What NATO can do is to help focus on the root causes and to work with other allies to stabilize our neighbourhood, to address the instability, the turmoil, the violence we see in our neighbourhood because we have seen again and again that this violence, this extremism inspired terrorist attacks in our own streets. We have seen that in Paris, we have seen it in Ankara, we’ve seen it in Brussels, we have seen it in many other places in NATO alliance. The investigation is ongoing after the horrific attacks in Orlando so I cannot comment on that but I can tell you that NATO and NATO allies stand together, we stand committed in our efforts to fight terrorism, to fight extremism and to stand up for our values of open free societies.
Oana Lungescu: NTV Turkey, yeah, no behind, thank you.
Q: Secretary General, Secretary General in the last foreign affairs meeting you have underlined that it’s obviously important to ensure security at the borders of the alliance and therefore I was wondering whether there was somehow an idea to help for example the Iraqi Government on a training mission or in order to reinforce their security or the training of their troops so that they could easily fight in a better way against DAESH and other threats? Thank you.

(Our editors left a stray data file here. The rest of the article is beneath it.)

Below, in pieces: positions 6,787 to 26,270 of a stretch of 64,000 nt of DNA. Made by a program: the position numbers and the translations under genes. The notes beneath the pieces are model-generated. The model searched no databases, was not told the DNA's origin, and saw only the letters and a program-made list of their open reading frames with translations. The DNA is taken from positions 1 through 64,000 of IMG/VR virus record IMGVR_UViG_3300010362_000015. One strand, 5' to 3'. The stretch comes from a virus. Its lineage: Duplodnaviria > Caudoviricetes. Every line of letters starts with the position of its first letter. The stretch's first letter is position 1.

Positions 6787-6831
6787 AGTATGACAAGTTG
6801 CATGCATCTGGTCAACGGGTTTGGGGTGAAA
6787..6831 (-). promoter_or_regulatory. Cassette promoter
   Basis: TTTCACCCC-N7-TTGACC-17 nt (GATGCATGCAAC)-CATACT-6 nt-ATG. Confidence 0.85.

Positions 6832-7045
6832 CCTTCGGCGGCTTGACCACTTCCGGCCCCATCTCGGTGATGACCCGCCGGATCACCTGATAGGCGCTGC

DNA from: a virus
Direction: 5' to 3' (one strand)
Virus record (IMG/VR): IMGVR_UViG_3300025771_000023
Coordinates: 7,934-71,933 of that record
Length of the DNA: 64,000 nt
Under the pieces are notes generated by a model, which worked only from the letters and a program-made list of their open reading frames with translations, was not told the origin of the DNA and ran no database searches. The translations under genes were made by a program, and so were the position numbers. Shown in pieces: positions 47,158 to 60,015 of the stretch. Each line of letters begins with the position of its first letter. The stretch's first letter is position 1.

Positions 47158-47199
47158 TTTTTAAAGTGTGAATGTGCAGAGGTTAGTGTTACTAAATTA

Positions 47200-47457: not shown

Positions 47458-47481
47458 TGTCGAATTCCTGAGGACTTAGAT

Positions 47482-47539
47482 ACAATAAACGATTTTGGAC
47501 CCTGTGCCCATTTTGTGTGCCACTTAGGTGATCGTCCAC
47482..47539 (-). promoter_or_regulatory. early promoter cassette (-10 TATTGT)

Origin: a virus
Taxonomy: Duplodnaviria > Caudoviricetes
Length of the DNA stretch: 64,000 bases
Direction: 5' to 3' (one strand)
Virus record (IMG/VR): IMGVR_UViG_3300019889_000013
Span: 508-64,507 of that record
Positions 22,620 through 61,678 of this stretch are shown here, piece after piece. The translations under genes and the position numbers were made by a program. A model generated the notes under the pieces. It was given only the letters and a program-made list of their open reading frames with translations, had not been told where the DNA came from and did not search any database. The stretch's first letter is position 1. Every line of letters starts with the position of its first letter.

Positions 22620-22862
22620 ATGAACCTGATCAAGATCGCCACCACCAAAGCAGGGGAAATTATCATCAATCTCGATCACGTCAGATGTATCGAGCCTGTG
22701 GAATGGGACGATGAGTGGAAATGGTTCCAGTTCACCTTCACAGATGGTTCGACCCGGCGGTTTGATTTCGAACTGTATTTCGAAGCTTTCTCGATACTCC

Jens Stoltenberg: One of the main themes at the Defence Ministerial which starts tomorrow and one of the main themes at the summit which starts in Warsaw the 8th of July will be what we call projecting stability. And projecting stability is how NATO can work with partners, with forces in the south, in our neighbourhood to help them stabilize their own countries, to help them fight terrorism and to help them fight extremism. And of course this has to be done in a tailored way in different countries, that’s exactly actually what we do in Afghanistan now. We have ended our combat mission there but we do train, assist and advise, we help the Afghan National Security Forces fight extremism, terrorism themselves. We help them to be able to take full responsibility for security in their own country themselves.